Chief and deputy of Indonesia’s new capital scheme resign

Indonesian President Joko Widodo checks progress at Nusantara on 2 November 2023, with the presidential palace complex in the background (President of the Republic of Indonesia/Public domain)
The head of the government authority responsible for building Indonesia’s new capital city on the island of Borneo has resigned along with his deputy two months before a scheduled relocation, Nikkei Asia reports.

Their sudden departures raise fresh doubts about the $28.6bn scheme championed by outgoing president Joko Widodo, known locally as Jokowi.

Bambang Susantono, who was chairman of the Nusantara Capital Authority, and his deputy Dhony Rahajoe, stepped down for personal reasons, Jokowi said earlier this month.

However, a government source told Nikkei that Bambang and Jokowi had clashed over the president’s “preference for rushing, accelerating the work”.

The source added that Bambang had hesitated to force local and indigenous people from some 2,000 hectares of forest land included in the plans.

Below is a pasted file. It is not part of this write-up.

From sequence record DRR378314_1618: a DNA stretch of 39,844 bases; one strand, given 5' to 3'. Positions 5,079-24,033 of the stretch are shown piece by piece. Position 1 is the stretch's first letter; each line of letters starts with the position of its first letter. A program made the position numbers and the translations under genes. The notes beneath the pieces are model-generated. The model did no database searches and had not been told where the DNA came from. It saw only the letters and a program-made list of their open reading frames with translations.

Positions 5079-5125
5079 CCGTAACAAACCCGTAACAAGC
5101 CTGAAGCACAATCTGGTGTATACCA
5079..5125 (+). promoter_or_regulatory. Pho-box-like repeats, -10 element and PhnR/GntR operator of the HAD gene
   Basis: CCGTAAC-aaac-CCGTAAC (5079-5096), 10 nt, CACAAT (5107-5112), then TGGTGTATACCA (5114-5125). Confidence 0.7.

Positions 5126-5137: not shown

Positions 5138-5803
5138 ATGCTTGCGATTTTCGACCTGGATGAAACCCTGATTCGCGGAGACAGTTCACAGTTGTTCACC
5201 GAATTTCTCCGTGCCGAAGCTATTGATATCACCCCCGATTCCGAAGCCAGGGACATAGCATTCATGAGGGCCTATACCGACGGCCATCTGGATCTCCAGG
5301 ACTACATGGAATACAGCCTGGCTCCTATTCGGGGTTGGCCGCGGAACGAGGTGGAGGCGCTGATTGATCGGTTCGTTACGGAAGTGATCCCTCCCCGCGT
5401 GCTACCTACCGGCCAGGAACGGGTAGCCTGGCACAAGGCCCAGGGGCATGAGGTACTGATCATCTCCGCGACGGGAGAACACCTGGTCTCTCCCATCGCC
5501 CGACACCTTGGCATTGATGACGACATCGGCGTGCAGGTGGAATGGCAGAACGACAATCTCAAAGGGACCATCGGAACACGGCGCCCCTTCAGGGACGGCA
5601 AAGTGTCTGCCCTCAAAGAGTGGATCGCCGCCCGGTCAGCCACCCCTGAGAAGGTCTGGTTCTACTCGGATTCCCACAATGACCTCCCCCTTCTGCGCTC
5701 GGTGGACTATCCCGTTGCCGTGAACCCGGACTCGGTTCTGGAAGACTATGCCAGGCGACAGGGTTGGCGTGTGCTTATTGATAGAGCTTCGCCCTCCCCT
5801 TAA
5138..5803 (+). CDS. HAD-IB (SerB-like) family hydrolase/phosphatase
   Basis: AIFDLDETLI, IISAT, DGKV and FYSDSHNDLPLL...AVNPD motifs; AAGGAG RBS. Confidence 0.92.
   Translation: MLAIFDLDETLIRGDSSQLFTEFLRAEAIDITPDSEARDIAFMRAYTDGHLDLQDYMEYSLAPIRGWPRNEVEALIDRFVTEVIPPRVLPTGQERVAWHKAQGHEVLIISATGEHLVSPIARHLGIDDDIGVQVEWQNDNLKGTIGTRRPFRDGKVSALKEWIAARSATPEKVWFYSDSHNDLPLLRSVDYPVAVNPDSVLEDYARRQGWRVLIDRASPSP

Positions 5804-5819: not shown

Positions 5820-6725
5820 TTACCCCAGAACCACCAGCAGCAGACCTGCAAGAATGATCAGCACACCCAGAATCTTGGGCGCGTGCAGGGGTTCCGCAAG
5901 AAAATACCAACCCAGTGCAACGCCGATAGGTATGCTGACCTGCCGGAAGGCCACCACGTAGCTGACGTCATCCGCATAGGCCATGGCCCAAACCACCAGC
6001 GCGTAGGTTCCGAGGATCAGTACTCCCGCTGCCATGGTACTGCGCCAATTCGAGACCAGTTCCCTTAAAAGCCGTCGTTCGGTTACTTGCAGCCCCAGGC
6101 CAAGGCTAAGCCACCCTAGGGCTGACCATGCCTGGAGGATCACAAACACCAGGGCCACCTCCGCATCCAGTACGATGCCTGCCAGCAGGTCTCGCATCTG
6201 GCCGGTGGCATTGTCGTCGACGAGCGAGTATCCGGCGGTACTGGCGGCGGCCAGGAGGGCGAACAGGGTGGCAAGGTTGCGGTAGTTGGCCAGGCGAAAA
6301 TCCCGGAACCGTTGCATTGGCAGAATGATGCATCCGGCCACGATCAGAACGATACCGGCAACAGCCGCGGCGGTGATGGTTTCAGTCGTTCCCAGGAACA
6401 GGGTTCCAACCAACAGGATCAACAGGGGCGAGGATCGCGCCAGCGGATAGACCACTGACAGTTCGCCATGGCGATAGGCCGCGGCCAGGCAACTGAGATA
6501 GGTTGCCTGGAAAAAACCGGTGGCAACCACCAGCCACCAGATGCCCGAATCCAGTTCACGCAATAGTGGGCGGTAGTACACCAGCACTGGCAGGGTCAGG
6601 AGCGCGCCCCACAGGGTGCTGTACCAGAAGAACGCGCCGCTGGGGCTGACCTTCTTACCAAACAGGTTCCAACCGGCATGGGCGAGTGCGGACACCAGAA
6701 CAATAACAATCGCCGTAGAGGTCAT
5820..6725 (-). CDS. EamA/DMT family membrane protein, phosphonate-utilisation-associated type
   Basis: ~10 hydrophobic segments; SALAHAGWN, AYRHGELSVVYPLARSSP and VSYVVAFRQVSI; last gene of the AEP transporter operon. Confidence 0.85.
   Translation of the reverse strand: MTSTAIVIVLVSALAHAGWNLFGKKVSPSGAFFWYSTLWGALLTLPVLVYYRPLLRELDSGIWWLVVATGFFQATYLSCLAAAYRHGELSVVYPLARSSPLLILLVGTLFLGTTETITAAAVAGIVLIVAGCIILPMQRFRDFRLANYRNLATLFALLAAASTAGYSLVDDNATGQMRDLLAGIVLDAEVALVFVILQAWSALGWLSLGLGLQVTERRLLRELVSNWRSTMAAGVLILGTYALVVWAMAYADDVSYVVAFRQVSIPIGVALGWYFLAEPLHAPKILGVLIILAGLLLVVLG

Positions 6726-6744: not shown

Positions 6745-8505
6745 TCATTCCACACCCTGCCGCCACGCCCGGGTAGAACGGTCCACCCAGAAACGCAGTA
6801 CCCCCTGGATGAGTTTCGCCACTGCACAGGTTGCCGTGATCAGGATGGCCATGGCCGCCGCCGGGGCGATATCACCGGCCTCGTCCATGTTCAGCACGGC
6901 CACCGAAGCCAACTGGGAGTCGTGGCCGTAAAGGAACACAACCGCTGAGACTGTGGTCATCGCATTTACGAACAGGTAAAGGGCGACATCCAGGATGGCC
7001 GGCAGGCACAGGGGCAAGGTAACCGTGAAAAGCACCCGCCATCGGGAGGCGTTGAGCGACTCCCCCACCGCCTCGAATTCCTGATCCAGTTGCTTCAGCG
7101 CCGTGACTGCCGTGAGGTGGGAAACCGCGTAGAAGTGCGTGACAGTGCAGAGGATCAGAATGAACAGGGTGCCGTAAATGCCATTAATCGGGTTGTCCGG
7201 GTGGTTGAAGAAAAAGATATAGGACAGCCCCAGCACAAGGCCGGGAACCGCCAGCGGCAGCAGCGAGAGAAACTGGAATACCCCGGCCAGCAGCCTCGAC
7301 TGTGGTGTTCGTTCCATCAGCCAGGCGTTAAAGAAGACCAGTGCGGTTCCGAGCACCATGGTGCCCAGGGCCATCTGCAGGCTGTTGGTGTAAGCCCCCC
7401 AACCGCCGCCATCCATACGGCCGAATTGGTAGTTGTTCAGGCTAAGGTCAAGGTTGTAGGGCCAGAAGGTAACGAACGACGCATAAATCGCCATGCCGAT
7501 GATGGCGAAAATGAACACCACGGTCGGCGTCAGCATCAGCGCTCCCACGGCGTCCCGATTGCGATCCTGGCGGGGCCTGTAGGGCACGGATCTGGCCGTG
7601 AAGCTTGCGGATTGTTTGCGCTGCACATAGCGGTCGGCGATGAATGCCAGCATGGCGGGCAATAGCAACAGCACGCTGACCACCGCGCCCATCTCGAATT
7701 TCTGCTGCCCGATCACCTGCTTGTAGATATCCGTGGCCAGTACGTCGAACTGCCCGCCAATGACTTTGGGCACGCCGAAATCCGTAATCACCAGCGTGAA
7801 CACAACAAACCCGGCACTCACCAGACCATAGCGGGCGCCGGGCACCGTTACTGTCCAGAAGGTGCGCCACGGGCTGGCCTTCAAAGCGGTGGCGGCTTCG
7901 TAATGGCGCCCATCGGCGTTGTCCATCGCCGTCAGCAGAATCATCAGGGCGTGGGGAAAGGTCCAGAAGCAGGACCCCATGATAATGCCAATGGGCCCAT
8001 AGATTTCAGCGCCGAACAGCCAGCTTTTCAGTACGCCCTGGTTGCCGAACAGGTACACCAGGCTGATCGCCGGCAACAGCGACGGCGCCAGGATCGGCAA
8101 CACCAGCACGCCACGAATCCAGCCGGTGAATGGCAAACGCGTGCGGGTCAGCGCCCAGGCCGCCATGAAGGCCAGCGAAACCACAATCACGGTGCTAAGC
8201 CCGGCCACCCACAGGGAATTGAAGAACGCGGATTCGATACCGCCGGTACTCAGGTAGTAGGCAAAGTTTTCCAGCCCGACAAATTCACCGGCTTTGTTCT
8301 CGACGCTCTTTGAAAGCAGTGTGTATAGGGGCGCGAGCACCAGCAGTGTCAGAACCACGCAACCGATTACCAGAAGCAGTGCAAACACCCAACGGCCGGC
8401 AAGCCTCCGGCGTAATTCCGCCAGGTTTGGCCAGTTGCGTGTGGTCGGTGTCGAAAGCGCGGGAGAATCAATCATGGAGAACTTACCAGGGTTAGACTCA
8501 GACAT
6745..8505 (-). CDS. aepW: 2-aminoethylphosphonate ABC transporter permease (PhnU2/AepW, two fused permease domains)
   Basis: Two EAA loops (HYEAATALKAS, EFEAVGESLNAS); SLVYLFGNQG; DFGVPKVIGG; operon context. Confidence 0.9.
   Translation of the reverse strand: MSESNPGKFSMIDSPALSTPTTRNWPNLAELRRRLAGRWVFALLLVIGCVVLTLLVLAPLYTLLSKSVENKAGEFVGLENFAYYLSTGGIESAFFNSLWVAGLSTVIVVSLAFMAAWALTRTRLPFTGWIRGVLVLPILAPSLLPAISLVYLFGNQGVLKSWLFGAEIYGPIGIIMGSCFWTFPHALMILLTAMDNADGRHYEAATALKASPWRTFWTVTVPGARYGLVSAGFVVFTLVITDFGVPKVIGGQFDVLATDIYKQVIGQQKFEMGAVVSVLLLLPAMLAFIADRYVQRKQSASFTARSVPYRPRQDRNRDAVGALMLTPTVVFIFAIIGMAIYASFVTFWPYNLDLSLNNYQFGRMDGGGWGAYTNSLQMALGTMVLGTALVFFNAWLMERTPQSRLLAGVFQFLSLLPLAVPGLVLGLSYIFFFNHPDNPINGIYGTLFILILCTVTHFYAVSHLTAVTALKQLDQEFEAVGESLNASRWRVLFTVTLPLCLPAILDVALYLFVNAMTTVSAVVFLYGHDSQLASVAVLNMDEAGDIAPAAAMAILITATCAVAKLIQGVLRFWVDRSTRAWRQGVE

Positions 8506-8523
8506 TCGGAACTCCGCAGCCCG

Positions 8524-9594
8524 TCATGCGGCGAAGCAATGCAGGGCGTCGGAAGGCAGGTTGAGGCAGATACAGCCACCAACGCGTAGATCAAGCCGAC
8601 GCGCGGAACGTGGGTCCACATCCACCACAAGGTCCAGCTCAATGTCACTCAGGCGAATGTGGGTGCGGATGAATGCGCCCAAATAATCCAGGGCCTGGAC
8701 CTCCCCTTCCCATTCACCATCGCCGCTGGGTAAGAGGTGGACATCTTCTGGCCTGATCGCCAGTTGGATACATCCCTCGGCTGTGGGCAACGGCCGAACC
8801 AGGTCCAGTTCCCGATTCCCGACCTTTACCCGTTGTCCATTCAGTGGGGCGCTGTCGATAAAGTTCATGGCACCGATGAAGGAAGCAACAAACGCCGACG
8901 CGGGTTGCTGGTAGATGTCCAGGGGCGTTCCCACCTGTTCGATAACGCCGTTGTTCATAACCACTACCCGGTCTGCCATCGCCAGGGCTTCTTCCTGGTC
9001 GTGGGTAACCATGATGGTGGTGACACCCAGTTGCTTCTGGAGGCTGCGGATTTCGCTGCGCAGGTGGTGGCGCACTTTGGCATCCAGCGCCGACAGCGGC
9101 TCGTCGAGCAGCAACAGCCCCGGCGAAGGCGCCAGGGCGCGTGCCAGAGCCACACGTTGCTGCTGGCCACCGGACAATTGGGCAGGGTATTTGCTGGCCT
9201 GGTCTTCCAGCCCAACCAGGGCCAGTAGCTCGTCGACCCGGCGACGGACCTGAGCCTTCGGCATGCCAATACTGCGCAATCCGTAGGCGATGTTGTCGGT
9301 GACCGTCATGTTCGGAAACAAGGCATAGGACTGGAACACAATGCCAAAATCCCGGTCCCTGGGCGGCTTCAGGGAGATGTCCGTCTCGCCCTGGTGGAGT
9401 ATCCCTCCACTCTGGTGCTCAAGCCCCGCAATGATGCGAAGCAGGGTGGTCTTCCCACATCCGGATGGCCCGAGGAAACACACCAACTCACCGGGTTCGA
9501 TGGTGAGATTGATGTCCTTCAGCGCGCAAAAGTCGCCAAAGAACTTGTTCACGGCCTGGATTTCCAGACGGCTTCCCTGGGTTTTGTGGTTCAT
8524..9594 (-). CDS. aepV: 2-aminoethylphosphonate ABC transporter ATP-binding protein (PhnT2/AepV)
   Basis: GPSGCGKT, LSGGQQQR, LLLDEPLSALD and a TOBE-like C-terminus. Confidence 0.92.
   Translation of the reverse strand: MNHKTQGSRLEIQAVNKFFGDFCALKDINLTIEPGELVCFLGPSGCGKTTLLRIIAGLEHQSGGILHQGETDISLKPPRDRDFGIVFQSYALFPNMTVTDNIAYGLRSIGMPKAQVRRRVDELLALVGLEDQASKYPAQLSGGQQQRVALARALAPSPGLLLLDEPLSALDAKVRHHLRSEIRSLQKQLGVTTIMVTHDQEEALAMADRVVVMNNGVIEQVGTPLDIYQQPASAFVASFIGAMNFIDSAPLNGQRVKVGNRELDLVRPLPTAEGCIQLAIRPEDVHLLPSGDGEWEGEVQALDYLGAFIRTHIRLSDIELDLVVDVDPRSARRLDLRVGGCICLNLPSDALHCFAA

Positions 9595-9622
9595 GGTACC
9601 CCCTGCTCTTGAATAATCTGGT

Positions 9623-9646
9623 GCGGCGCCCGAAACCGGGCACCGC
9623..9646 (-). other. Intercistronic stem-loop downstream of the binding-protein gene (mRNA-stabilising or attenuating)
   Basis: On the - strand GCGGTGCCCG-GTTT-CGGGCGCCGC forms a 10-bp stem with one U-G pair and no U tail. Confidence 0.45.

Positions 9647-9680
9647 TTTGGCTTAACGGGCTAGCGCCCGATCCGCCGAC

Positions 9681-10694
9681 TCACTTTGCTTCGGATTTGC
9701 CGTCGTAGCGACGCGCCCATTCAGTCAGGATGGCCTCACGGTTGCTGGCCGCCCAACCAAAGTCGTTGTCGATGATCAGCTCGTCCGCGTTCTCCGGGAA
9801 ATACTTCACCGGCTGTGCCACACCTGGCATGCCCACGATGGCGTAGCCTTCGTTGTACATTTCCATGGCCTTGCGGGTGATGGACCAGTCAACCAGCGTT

Jokowi launched the plan to relocate the capital from Jakarta to East Kalimantan on Borneo in 2019, a move he said was needed because Jakarta was sinking and too congested.

His plan had been to move some government functions to the partially built administrative zone in August, and to hold the country’s Independence Day celebration there on 17 August before his term ends in October.

On 11 June, he announced that the ceremony would now take place in both Nusantara and Jakarta, without giving a reason, reported Nikkei.

He has since replaced Bambang as capital authority chairman with his public works and housing minister, Basuki Hadimuljono, who is acting chairman.

Deputy minister of agrarian affairs and spatial planning, Raja Juli Antoni, is now the acting chair’s deputy.

The unnamed government source told Nikkei that Bambang was thought to have been “unable to keep up with Jokowi’s preference for rushing, accelerating the work.”

On land acquisition, the source said: “The government had a mechanism which is similar to forced clearing, but Bambang was hesitant to take this measure.”

Another outstanding issue is financing the new city.

Some 80% of the expected $28.6bn cost was to have come from private investment, but that has not yet materialised.

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